Pendle Council has received a Government cash boost of £668,000 to help it tackle the problem of empty homes.
The money is part of nearly £7.6m. of Government funding announced last week to bring empty and derelict homes back into use.
The funding will be spent on refurbishment in areas where empty properties have commonly led to problems such as squatting, rat infestation and collapsing house prices, driving remaining residents away.
Council leader Coun. Joe Cooney, who leads on housing regeneration, said: “This windfall will help us target neighbourhoods affected by empty homes.
“We’re taking part in a Government-funded loan scheme to help people who own empty properties invest in them.
“Our aim is to make empty properties good homes to live in and we’re pleased more money is available for this.
“I urge owners of properties which have been empty for six months or more to get in touch to take advantage of this excellent scheme.
“The deal is that owners can borrow up to 50% of the cost of the work needed to make their properties fit to live in – up to a maximum of £7,500.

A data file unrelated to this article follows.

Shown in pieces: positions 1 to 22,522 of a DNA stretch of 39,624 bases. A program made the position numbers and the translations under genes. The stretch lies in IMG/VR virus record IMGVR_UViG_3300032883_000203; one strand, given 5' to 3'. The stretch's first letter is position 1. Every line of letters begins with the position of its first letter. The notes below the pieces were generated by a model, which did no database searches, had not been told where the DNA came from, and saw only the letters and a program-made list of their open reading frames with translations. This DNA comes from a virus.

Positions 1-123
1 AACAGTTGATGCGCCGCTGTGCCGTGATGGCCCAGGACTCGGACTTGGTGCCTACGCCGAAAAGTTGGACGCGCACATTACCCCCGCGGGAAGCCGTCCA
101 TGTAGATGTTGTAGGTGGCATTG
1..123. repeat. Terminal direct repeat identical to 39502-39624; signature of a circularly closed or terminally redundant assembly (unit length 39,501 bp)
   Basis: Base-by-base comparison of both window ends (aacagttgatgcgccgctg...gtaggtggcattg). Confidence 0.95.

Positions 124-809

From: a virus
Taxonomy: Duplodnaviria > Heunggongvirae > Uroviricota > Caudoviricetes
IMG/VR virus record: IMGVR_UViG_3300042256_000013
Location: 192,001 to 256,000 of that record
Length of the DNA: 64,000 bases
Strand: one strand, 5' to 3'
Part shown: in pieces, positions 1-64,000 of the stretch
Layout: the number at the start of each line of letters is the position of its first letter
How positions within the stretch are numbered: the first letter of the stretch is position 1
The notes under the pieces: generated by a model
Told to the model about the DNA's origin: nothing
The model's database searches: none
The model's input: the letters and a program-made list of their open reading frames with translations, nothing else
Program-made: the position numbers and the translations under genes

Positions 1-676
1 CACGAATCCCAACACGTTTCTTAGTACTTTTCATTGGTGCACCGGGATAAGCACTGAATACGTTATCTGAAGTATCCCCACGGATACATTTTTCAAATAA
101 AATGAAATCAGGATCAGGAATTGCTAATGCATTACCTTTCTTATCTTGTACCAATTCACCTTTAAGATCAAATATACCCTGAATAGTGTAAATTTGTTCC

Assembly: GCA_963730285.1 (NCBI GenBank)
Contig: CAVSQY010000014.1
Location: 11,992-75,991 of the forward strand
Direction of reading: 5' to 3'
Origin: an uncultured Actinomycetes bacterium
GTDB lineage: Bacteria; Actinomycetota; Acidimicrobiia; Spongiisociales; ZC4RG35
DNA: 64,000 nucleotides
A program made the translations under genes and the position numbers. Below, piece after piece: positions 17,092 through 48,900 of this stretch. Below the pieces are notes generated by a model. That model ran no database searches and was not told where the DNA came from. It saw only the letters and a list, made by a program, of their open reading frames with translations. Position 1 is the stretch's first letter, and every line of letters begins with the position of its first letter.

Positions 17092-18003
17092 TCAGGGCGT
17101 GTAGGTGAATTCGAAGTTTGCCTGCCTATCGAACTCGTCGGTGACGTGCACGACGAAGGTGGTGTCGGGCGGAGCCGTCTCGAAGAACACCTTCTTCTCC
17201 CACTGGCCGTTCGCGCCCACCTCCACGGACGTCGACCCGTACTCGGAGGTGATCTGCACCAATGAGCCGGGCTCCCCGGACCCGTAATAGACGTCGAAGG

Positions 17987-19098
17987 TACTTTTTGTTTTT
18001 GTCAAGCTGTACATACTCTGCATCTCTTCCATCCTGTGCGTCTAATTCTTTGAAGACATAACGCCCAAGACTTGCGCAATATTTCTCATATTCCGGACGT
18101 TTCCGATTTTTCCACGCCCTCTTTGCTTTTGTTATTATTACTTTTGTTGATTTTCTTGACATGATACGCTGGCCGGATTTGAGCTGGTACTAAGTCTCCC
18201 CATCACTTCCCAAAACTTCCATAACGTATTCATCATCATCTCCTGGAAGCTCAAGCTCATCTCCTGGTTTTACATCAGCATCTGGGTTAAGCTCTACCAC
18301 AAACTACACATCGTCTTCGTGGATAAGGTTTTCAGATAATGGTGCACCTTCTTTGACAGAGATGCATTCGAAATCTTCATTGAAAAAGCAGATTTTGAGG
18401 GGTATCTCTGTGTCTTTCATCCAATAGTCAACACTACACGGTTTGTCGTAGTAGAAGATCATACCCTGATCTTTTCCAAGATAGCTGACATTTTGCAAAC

“In the next year we aim to use the cash to help provide some decent homes for people.
“In doing so, we’ll also reduce the number of empty and sometimes derelict homes which can cause on blight on neighbourhoods in Pendle.”
The areas in Pendle worst affected by empty homes and which are included in the scheme are the Railway Street area of Brierfield, Waterside in Colne’s South Valley and the Bradley and Southfield areas of Nelson.
Any property owners who would like to consider a loan can contact Paul Lloyd in Pendle Council’s Housing Standards Team on 661029 or email him on firstname.lastname@example.org
Alternatively, people can contact Kellian Shaw, the council’s Empty Homes Officer, on 661022 to get details on how the loans work.
Any work over £15,000 has to be funded by the property owner.
News of the cash boost was given by Communities Minister Don Foster, who said: “The Government is doing everything possible to tackle the problem of empty homes and urban blight.
“The cash will bring people, shops and jobs back to once abandoned areas, and provide extra affordable homes we so badly need.
“We have already made very good progress, cutting the number of long term empty homes by 40,000 but with thousands of people in this country desperate to buy a home and areas still suffering problems of urban blight we must go further still.”